Cars are celebrated as the technical and symbolic epitome of modernity but are also heavily implicated in the making of climate change, imbricated within a seemingly all-powerful global capitalist system. What can an anthropological analysis of traffic in urban areas tell us about the enduring strength of this system? While cars in Beirut are both desired and necessary to move about, strong feelings of frustration are taking shape among residents and commuters who face the ever-congested roads of the capital city daily. This mounting frustration indexes an emerging ‘structure of feeling’ towards everyday automobility that has created explicit and concrete desire for alternative mobilities, particularly public transport, which scholars of automobility had pronounced dead. In this light, while cars remain objects of desire, in Beirut as elsewhere, an ‘excess’ of automobility – of modernity, we might say – is in fact weakening the dominance of cars, exposing a potential brittleness previously undetected. Acknowledging this process forces us to reconsider our modernist assumptions about the inevitable predominance of cars and offers hope for alternative mobility futures.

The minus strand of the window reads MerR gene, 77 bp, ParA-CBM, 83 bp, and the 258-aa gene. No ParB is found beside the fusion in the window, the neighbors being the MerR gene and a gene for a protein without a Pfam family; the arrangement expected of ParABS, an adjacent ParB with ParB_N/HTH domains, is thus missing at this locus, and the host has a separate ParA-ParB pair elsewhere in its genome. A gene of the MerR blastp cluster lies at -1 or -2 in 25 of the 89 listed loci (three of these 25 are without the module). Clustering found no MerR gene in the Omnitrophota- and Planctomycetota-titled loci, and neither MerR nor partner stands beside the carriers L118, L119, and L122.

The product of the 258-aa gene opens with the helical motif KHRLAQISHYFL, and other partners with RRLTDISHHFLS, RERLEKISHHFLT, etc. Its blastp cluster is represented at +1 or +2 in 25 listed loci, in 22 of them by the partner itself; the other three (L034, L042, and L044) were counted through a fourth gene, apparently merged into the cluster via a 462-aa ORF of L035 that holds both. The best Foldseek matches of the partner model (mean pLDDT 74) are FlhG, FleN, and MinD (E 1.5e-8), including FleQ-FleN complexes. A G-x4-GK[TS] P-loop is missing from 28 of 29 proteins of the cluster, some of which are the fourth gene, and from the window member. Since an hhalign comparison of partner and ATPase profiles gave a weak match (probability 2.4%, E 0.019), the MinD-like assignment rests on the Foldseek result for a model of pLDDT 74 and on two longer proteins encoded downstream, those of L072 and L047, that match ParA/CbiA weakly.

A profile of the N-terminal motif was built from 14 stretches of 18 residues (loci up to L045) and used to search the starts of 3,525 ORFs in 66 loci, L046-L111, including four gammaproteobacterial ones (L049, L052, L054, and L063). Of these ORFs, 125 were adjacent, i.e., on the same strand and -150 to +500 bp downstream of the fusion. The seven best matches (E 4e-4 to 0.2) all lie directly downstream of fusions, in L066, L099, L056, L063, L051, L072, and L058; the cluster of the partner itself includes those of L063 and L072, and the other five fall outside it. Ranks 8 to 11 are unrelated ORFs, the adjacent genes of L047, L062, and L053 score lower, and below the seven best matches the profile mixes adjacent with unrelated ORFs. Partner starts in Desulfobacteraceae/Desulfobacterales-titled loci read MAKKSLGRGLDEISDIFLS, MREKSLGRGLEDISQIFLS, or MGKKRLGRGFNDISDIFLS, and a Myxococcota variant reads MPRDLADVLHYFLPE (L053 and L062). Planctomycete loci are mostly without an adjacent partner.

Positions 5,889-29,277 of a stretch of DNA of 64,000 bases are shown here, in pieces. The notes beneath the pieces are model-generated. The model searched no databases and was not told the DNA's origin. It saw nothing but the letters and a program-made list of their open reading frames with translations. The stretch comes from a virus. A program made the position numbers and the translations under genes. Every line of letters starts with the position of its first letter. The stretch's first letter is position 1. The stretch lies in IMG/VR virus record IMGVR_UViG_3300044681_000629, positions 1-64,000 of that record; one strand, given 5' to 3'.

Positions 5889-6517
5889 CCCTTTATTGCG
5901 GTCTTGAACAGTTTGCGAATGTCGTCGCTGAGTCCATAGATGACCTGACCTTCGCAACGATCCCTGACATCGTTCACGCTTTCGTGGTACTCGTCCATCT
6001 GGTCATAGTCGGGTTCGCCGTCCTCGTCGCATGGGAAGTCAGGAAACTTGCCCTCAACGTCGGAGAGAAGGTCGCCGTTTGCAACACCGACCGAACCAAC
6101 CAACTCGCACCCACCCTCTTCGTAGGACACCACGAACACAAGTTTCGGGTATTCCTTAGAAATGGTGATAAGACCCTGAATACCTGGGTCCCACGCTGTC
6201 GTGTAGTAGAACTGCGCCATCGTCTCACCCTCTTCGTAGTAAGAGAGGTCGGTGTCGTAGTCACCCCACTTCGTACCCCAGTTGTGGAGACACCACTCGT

Stefanelli, A. (2021). ‘Excesses’ of modernity: mundane mobilities, politics, and the remaking of the urban. Social Anthropology, 29(4), 1049-1063. https://doi.org/10.1111/1469-8676.13027